A double to Carli Lloyd gave United States its third successive women's Olympic football title with a 2-1 win over Japan in the gold medal match at Wembley Stadium.
Two goals from midfielder Carli Lloyd, a header after eight minutes and a rasping shot from the edge of the box in the 54th, set the US on its way to a fourth Olympic gold from the five women's tournaments played.
Japan, which beat its rival on penalties in the World Cup final last year, halved the deficit after 63 minutes when the American side failed to clear its lines, and Yuki Ogimi scored from close range, her third goal in successive matches.
Japan dominated in attack from then on but could not find an equaliser and was denied what looked like a certain goal seven minutes from time when US goalkeeper Hope Solo made a world class save from substitute Mana Iwabuchi.
The attendance of 80,203 was a record for a women's match at an Olympic Games, beating the 76,481 at the Atlanta Games in 1996.
It was also the biggest crowd to watch a women's football match in Britain, beating the 70,584 that saw Britain play Brazil at Wembley earlier in the tournament.
United States rode its luck during the first half when Japan hit the bar twice and had what looked like a legitimate penalty appeal turned down.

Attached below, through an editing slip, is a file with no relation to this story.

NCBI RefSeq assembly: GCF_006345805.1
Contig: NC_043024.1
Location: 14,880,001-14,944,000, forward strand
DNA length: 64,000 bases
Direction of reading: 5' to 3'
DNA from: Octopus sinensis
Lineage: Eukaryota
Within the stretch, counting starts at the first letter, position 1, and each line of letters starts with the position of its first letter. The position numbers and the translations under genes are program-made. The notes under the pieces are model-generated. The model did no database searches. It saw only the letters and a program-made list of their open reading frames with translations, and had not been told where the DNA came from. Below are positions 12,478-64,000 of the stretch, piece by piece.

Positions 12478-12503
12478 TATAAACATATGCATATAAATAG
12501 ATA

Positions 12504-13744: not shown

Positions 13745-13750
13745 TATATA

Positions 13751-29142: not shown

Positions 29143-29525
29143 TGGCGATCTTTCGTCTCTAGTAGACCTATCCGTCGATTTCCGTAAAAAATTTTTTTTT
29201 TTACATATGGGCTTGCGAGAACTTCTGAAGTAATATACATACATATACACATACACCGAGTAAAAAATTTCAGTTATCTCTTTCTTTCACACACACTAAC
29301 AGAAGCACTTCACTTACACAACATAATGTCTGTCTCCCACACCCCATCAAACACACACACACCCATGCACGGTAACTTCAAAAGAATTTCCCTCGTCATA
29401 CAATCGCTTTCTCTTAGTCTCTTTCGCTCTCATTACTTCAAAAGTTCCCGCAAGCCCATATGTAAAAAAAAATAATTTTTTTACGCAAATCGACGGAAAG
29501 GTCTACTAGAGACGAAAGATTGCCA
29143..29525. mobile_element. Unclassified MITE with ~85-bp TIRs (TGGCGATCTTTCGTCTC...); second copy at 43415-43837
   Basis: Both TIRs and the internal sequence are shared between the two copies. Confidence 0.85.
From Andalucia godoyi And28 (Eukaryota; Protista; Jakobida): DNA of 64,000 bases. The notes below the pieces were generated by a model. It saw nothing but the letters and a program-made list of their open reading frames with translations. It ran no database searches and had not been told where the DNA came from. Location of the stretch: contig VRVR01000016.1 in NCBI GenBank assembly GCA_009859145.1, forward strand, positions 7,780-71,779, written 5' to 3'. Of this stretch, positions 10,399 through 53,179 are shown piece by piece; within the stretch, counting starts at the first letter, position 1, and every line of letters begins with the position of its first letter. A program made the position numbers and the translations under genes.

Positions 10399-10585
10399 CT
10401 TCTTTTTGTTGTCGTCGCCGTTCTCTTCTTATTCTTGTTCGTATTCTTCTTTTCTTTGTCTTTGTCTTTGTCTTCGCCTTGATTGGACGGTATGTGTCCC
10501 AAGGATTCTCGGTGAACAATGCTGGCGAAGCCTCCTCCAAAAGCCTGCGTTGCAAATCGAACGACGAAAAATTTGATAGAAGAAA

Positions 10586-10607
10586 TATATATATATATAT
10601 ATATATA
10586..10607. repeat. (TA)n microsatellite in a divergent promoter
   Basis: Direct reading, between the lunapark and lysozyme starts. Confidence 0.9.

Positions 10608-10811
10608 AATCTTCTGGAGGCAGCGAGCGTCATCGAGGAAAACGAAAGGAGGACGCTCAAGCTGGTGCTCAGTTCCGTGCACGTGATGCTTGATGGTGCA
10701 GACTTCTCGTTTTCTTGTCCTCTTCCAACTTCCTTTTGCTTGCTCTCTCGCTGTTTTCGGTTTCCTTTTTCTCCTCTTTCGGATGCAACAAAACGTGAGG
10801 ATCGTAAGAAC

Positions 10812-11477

After Lloyd gave the Americans an early lead, when she dived in to head the ball home just as Abby Wambach was shaping up to shoot, Ogimi should have equalised but was denied when Solo palmed her header on to the bar after 18 minutes.
Six minutes later US benefited from a dubious refereeing decision in the box.
A well-struck free-kick clearly hit Tobin Heath on the left arm but, instead of awarding Japan a penalty, German referee Bibiana Steinhaus waved play on.
US had also benefited from being given a penalty in their semi-final when the ball struck a Canada defender's arm as she was turning away and the referee ruled in the Americans' favour.
Its next piece of luck came in the 33rd minute when Shinobu Ohno rattled the bar with Solo well beaten.
Japan had its own slice of fortune before the break when Azusa Iwashimizu headed against the inside of her own post and saw the ball run across the face of goal before bouncing clear.
Japan, playing some neat passing moves, was never intimidated by the more expansive Americans and its perseverance paid off when Ogimi forced the ball home after Solo and her defence failed to clear.
London 2012 has given women's football in the UK an 'unprecedented platform' on which to create a lasting legacy, according to the Football Association's head of national game Kelly Simmons.